Bali supermarket ditches plastic packaging for banana leaves

At Bintang Supermarket in Ubud, eggplants, water spinach, asparagus and other fresh produce are wrapped in banana leaves and bamboo straps.
At Bintang Supermarket in Ubud, eggplants, water spinach, asparagus and other fresh produce are wrapped in banana leaves and bamboo straps.PHOTO: THE JAKARTA POST/ASIA NEWS NETWORK

UBUD (THE JAKARTA POST/ASIA NEWS NETWORK) - At a glimpse, Bintang Supermarket in Ubud looks just like other supermarkets across Bali. A banner announcing that it no longer provides plastic bags welcomes visitors upon entering the place - something that is now common practice on the island following a ban on single-use plastic bags issued by the administration earlier this year.

However, something different can be seen on one of the supermarket's fresh vegetable racks. Instead of plastic, the eggplants, water spinach, asparagus and other fresh produce are wrapped in banana leaves and bamboo straps.

"We have started to use banana leaves (for this purpose) around one month ago," Mr I Wayan Budiono, the assistant store manager, recently told The Jakarta Post.

Mr Budiono said the idea had come up after the place stopped providing single-use plastic bags to customers around two months ago. Not only were visitors supportive of the new policy, but they encouraged the supermarket to go one step further by minimising the use of plastic as much as possible.

"Around one month after we stopped using plastic bags, and got positive responses from customers, we decided to minimise the usage of plastic in our products as well," he said.

The first step was to ditch the plastic tape and plastic wrapping commonly used to bind vegetables, and utilise banana leaves and bamboo straps instead.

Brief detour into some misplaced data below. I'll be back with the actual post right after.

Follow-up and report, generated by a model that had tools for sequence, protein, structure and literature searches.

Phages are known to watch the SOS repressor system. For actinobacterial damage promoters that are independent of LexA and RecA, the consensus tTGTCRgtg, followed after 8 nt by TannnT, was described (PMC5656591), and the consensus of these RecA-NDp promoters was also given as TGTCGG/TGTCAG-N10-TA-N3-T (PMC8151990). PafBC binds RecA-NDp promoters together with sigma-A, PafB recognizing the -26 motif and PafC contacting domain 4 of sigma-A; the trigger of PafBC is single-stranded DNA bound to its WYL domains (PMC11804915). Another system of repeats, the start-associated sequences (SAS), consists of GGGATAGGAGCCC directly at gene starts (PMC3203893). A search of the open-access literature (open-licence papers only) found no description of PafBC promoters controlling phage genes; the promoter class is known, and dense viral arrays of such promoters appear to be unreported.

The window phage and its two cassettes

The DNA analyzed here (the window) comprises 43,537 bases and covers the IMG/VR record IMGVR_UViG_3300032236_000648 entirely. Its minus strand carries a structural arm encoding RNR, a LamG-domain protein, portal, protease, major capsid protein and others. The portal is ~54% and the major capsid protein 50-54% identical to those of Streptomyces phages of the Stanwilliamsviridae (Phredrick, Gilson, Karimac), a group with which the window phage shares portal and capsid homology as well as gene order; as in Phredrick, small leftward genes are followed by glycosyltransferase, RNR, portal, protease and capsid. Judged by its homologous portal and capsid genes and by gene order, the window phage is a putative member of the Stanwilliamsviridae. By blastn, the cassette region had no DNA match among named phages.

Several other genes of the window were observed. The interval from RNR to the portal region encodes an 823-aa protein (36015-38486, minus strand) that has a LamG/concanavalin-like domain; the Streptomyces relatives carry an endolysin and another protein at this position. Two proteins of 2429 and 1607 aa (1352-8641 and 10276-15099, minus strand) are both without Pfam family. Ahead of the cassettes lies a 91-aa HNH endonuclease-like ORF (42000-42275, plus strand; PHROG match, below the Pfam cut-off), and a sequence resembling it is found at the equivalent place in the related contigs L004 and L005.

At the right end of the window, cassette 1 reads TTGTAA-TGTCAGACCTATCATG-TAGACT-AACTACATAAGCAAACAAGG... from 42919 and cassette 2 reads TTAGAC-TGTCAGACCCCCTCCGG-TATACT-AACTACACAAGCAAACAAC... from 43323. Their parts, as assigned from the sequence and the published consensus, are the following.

"The banana leaves make the packaging look fresher," he said.

The initiative, he admitted, had not yet been implemented on all of the shop's fresh products. The supermarket still provides plastic packaging in the area as well.

"This is only a beginning. Slowly but surely, we strive to minimise the use of plastic as much as we can," he said, adding that some products still needed plastic packaging to keep them fresh and clean. "But we are trying our best to find a more eco-friendly solution."

Aside from Ubud, Bintang Supermarket in Seminyak has initiated a similar policy.

 

A visitor from Ukraine holidaying in Ubud, Mr Stanislav Strilets, 36, said he greatly appreciated the initiative made by the supermarket.

"It's a very good initiative. It's cool and we appreciate it very much," he said.

Mr Strilets said he hoped that, one day, the supermarket would not provide any vegetables at all in plastic packaging.

He added, however, that single-use plastic bags could still easily be found at traditional markets.

"During my visit to traditional markets, people still use plastic bags. So, although it's a very cool initiative, it's not enough. The most important impact should be at local markets," he said.

Bali governor Wayan Koster issued a gubernatorial regulation in December to limit the use of plastic, specifically single-use plastic bags, styrofoam and plastic straws. The regulation is set to be firmly enforced in July this year, as the administration has given itself six months to explain the policy.

Prior to the provincial regulation, Denpasar municipality has begun implementing the policy on Jan 1 through a mayoral regulation, which led to most modern stores and supermarkets across the city to no longer provide single-use bags.

Some restaurants and warung (small stalls) have also stopped providing plastic bags and plastic straws. However, banning the use of plastic bags at traditional markets is still a big challenge for the administration.